DTI-based program starts guiding, it notes the position of the star in
its little box, then tries to hold the telescope exactly on its initial
position. The Seitzer guider, on the other hand, tries to keep the star
at the exact center of the little box, even if it didn't start out
at the center. The steps by which one moves the little box on the TV
amount to a substantial fraction of an arcsecond; with a 1/2 arcsec
slit, you can lose much of your flux just because of this silly
digitization problem. A better strategy for fine adjustment of the
telescope position when you are offset guiding -- as with TIFKAM,
CCDS, or direct imaging -- is to move the guide probe slighlty. The Delt
x and Delta y input fields in the xmis
window make it convenient to do this.
The DTI integrates with a "leaky memory", which gradually
oldest signals; the image changes continuously, unlike the Seitzer
guider, in which the new image appears abruptly. The abrupt updates can
cause headaches after hours of staring.
There's often a lot of confusion about how to set the
parameters of the guiders in various situations. TVGUIDER (the Seitzer
program) wakes up with good parameters for direct imaging, and the
manual should be helpful for fine adjustments. PCGUIDER (the DTI) is
rather more complicated. It has a
menu of defaults for different setups, which should get the
parity and rotation right. In old versions of the program, the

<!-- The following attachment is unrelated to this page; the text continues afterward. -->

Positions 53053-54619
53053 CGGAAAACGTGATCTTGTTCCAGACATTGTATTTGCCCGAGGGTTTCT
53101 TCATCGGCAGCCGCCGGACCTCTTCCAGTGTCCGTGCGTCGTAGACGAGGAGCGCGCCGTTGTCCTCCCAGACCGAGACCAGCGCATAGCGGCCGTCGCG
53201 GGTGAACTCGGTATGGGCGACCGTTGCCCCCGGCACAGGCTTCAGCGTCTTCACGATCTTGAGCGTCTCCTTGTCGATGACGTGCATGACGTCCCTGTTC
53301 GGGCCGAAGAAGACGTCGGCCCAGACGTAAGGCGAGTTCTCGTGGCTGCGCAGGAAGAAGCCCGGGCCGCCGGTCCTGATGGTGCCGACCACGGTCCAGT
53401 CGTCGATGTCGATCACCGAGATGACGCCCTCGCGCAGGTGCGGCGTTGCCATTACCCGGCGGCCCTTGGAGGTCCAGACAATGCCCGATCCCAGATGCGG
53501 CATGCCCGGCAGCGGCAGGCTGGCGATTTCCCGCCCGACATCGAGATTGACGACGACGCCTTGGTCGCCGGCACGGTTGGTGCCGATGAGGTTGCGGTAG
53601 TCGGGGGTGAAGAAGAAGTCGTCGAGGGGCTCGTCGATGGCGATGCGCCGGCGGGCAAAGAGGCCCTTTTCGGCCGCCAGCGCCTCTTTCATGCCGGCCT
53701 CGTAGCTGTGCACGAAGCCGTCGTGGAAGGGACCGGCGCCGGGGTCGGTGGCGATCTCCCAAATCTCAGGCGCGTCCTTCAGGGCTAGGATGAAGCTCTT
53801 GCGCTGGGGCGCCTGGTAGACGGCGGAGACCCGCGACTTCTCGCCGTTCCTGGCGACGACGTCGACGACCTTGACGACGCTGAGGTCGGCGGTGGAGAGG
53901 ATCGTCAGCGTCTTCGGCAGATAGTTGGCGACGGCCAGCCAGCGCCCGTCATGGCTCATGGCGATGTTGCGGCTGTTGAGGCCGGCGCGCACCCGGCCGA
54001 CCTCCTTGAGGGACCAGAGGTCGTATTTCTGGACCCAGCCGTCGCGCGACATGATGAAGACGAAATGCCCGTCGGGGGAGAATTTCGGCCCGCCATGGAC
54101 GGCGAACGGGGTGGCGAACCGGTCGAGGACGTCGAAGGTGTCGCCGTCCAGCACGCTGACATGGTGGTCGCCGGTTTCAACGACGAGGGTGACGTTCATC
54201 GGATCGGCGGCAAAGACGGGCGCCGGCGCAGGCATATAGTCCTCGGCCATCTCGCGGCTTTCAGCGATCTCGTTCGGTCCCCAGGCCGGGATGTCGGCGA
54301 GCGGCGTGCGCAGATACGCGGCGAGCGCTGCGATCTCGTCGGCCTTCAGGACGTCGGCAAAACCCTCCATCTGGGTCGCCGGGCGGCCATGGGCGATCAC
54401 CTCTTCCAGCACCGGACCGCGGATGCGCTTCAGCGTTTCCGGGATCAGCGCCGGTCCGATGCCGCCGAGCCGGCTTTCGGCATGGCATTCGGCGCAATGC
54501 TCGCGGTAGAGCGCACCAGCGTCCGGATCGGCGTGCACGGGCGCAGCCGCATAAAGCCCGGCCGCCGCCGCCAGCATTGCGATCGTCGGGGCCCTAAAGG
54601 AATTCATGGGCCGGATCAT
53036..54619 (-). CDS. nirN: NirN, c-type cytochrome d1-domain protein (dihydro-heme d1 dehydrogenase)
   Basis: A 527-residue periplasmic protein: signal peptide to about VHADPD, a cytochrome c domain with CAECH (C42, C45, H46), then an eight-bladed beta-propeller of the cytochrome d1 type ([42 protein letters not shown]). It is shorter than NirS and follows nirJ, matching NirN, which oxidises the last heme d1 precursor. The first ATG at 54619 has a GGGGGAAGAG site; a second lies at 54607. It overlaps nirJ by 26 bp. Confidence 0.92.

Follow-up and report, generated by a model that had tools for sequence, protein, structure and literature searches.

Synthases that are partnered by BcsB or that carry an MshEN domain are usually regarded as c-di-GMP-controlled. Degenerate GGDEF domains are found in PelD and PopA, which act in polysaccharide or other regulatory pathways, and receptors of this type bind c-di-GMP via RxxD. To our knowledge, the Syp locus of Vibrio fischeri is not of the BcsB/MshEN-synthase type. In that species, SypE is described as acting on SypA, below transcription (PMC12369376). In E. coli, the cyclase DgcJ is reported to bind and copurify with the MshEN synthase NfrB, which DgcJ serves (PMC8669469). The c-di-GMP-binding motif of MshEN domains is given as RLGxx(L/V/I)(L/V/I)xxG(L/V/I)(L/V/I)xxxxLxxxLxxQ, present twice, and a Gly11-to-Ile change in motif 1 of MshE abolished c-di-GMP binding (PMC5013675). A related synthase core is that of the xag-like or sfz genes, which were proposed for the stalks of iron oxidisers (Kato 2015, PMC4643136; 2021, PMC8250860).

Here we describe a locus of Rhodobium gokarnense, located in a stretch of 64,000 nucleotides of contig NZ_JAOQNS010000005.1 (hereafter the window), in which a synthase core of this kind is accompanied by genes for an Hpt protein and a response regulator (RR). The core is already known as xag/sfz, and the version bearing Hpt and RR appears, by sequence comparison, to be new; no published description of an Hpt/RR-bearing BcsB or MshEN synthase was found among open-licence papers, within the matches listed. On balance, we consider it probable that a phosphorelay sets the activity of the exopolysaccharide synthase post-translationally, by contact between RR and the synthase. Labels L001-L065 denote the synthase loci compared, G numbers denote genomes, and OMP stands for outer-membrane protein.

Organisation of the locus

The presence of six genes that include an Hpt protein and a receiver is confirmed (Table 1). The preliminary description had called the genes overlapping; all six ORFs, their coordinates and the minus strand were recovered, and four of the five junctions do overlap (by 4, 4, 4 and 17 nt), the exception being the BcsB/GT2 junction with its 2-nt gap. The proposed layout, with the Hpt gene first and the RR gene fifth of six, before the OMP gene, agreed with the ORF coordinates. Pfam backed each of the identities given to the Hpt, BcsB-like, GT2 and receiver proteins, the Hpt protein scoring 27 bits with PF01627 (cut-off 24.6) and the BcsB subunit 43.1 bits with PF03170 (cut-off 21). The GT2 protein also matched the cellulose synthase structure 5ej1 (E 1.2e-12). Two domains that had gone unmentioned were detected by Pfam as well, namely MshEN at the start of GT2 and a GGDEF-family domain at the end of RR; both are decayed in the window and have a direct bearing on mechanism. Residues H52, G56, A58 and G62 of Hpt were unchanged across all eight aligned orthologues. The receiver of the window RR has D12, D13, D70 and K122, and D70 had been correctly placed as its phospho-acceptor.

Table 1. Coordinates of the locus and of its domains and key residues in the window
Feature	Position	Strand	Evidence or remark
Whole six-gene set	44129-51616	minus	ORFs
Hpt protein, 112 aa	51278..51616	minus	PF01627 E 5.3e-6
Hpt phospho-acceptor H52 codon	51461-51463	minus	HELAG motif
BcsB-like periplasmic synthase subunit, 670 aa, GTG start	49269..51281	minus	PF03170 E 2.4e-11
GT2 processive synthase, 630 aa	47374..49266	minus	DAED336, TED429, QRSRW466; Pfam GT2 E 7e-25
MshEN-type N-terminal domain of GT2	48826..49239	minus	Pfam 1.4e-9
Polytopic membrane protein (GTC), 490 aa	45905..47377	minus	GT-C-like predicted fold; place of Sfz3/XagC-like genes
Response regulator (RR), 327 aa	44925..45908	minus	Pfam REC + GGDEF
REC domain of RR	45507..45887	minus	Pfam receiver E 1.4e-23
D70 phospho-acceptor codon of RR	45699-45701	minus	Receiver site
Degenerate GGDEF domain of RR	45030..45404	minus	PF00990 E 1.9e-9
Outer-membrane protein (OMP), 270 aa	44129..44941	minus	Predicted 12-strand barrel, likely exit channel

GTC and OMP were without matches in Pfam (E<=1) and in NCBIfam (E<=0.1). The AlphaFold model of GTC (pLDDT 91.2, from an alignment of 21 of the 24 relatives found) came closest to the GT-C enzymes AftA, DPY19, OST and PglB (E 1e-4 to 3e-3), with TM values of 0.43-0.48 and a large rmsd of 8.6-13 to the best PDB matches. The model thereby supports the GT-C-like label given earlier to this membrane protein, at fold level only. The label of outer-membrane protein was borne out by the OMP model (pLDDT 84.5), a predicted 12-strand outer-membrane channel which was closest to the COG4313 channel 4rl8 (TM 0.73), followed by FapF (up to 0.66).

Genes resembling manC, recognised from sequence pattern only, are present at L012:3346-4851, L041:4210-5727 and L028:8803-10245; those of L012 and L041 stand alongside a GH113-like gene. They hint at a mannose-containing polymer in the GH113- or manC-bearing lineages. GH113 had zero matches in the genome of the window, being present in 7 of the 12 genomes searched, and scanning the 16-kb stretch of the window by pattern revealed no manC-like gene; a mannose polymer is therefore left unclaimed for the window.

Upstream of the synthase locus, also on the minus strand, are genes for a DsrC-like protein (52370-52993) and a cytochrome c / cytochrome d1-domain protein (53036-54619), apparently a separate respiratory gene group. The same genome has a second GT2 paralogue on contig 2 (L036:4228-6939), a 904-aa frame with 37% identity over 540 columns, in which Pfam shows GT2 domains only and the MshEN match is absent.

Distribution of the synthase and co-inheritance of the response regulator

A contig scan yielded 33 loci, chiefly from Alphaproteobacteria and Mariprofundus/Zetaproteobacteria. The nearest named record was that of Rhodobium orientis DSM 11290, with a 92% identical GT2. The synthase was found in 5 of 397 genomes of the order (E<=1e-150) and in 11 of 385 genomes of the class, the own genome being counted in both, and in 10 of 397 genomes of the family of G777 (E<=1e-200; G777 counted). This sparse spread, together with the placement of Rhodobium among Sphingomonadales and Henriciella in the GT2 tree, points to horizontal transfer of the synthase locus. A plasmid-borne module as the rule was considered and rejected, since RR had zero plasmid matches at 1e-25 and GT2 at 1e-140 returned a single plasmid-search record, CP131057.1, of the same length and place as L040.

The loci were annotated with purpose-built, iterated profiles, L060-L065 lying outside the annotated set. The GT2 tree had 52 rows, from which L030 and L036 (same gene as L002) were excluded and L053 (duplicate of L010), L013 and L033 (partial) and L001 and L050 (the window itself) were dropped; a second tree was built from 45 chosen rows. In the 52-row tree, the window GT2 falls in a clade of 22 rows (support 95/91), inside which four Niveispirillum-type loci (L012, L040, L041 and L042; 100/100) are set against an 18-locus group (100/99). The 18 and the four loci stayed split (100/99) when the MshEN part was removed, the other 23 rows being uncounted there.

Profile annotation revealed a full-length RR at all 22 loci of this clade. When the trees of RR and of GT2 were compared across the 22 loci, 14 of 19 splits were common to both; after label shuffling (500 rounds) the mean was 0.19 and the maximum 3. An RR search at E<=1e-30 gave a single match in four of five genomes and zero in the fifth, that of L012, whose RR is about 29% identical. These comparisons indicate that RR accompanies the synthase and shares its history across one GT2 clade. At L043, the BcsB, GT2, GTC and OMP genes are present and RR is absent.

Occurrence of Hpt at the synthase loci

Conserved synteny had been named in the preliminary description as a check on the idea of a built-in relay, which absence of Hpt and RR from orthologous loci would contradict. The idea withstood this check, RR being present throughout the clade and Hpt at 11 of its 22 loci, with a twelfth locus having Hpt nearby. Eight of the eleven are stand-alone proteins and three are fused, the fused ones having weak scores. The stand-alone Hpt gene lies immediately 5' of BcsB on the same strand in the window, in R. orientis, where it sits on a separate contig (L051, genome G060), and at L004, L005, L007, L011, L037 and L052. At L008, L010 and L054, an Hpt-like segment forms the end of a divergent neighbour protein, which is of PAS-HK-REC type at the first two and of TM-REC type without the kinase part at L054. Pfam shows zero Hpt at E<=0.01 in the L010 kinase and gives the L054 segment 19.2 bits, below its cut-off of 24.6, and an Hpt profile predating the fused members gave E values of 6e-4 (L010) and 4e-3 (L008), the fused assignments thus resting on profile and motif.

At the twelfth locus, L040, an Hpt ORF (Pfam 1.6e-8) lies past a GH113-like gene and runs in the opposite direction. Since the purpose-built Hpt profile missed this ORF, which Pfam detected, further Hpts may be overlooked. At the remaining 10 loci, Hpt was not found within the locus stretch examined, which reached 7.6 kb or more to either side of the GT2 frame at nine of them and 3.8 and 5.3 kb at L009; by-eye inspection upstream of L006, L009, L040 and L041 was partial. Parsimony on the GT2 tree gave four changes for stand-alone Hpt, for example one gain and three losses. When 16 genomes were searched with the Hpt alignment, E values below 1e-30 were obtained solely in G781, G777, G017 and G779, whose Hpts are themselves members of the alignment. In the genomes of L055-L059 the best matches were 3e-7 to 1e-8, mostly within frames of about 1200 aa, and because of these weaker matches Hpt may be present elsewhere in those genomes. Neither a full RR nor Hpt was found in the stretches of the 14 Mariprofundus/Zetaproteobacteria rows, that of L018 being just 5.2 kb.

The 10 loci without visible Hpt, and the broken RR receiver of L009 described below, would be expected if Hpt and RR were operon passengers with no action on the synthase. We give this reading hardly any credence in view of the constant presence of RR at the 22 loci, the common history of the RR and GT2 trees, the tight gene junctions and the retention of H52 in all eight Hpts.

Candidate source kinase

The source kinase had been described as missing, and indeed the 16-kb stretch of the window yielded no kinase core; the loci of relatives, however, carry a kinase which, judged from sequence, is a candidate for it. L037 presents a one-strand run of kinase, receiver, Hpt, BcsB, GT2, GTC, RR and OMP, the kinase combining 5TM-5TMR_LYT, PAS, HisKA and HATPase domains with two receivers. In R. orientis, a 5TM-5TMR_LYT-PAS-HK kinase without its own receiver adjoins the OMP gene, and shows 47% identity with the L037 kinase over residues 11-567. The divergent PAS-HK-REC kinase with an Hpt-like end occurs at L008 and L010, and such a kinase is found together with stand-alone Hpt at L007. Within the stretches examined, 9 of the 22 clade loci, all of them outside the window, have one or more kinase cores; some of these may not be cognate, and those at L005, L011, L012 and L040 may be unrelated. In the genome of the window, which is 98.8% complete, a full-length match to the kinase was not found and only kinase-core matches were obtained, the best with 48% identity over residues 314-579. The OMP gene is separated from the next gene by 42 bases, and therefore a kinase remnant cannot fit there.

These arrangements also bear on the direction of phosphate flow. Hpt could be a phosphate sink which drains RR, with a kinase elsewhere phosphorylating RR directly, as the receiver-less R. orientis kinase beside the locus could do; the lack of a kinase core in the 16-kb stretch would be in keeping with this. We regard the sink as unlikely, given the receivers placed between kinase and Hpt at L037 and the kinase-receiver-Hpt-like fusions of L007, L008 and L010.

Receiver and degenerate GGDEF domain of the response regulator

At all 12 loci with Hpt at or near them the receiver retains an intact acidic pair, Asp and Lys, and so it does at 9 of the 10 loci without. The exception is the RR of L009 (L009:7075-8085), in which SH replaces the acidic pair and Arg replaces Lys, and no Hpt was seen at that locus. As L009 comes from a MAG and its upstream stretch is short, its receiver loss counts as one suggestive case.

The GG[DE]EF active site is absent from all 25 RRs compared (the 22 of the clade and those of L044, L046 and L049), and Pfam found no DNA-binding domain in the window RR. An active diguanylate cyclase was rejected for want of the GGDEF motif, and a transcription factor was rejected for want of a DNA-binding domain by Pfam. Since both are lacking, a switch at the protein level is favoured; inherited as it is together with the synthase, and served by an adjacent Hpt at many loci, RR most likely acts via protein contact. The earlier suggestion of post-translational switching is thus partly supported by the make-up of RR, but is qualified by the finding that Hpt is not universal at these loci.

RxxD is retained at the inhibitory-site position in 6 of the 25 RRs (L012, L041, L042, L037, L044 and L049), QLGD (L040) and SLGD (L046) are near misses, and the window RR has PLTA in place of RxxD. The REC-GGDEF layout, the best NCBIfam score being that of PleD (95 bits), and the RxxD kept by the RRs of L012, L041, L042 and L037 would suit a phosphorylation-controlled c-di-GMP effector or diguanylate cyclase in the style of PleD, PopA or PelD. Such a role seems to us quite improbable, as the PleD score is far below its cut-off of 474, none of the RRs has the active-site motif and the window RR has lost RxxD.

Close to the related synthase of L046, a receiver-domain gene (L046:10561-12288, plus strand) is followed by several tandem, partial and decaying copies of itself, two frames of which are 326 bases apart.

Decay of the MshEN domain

default guide rates had been set way too small, but this has
been changed so it should work "out of the box". The rates do also
depend on the guide rates set in the TCS, which control
how fast the telescope moves when the button is pushed.
The refresh rate and number of frames averaged are also adjustable
I recommend setting the refresh rate to match the DTI integration
time, and averaging a few frames together, because the guide signal can
A simple way
to test any guider is to get it going on a fairly decent star and push
guide button to throw the telescope off a little bit.
The error you introduce should be big enough to be obvious, but
small enough so that the star stays within the guider's field
of regard, which is about the size of the little guide box on the TV.
Then, watch to see if the star is guided back to the middle
of the box. If it goes off the wrong way, there's something wrong with
the rotation or parity (try both axes to be certain); if the star
overshoots, your guiding is
too aggressive; if it doesn't move, the guider may somehow be disabled
(is the little switch on the TCS panel in the up position? The bottom
of the TCS monitor has a display which reports guide pulses --
are the commands getting through?) The speed at which the telescope